The ability to access and understand health information is fundamental for people to maintain their basic health. Yet more than 80 million Americans are estimated to have limited or low health literacy – and approximately 15 million Australians have levels below the minimum required to adequately manage their own health. These individuals would have difficulty locating information on a bottle of medicine or correctly dosing its content – which clearly could have severe implications for their health.
In hearing healthcare, limited health literacy can also have a huge impact on the patient’s ability to manage their own condition. For example, patients need to understand how to insert hearing aids, change batteries, and properly operate their hearing aids once they are in place. If they don’t understand instructions, how can they follow them?
Literacy versus health literacy
While a low level of health literacy is often associated with minority and specific socioeconomic groups, it’s important to stress that literacy and health literacy aren’t directly correlated.
Educated people with strong literacy skills may also have trouble obtaining, understanding, and using health information: a surgeon might for instance have difficulty deciphering a medical form; a science teacher might not understand information about a brain function test; and an accountant might not know when to get a mammogram.
For all patients, an important rule of thumb is therefore that they should be counseled using plain language and easy-to-understand materials, as this will reduce the likelihood of miscommunication.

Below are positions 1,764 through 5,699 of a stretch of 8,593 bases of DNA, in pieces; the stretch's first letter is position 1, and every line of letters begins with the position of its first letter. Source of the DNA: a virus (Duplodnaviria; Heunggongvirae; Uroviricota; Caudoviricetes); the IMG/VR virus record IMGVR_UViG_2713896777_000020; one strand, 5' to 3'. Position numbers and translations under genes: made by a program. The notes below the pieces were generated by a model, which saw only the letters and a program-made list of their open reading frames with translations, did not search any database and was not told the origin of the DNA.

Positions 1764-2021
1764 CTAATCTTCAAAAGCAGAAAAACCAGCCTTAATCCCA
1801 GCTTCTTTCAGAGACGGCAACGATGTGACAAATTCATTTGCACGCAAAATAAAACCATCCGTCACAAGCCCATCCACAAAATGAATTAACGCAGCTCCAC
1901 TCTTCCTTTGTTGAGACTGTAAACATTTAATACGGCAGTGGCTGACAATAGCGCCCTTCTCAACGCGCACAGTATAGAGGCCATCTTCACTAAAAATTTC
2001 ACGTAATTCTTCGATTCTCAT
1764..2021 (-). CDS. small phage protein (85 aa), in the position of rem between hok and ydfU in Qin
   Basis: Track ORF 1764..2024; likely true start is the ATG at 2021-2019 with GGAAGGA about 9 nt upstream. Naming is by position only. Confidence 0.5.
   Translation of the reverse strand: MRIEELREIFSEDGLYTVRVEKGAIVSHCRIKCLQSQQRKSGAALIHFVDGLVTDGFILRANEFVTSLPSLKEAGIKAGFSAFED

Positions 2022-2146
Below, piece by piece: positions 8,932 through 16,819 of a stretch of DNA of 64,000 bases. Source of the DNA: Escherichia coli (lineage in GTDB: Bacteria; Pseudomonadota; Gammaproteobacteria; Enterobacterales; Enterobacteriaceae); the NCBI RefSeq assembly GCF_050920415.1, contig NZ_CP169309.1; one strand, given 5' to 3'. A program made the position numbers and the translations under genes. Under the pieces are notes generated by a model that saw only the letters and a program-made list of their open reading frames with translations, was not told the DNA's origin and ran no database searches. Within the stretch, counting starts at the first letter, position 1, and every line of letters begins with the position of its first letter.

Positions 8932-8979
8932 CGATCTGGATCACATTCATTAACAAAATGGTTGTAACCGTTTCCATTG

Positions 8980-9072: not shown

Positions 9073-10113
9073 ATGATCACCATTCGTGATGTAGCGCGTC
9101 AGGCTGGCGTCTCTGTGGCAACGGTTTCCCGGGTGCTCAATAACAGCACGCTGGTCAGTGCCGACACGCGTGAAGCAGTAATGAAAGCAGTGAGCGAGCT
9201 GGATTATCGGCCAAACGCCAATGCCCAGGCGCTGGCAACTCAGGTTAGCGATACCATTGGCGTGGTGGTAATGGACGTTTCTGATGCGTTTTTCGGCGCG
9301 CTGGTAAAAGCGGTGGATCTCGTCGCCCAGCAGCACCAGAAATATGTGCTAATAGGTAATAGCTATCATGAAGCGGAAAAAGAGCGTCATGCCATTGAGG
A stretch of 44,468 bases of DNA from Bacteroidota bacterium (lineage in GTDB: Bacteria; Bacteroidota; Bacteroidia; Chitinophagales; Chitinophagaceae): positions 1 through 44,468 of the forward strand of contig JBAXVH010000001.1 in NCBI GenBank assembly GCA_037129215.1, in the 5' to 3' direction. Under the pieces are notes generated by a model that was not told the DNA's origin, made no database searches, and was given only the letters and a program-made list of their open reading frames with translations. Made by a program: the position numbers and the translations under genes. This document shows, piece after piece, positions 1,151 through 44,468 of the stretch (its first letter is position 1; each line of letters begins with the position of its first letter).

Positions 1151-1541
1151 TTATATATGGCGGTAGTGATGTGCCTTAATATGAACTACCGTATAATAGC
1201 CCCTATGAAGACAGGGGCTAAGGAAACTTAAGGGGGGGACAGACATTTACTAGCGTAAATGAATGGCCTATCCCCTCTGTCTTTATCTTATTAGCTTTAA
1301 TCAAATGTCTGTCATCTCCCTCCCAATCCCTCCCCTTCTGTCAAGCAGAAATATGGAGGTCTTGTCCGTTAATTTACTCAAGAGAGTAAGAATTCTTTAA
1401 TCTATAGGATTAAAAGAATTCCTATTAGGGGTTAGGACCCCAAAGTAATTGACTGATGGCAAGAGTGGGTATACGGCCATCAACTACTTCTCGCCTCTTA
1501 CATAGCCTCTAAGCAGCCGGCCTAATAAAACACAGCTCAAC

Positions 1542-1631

Below, we’ve gathered some practical things you can do to improve communication with the patients in your clinic, whatever their health literacy level:
- Speak slowly, loudly, and clearly
- Use an amplifier if necessary
- Use jargon-free language
- Be specific, not general
- Use simple diagrams and graphics
- Categorize and organize information
- Minimize shame
- Maximize respect
- Encourage questions
In addition, there are some key details to keep in mind when sharing or asking patients to interact with digital materials:
- Organize content and simplify navigation
- Label links clearly
- Include printer-friendly tools and resources
- Incorporate audio and visual features
- Use bold colors with contrast
- Make sure the ‘back button’ works
- Use linear information paths
Explore Module 2 of the Ida University Course for further guidance on how to address health literacy in your clinic.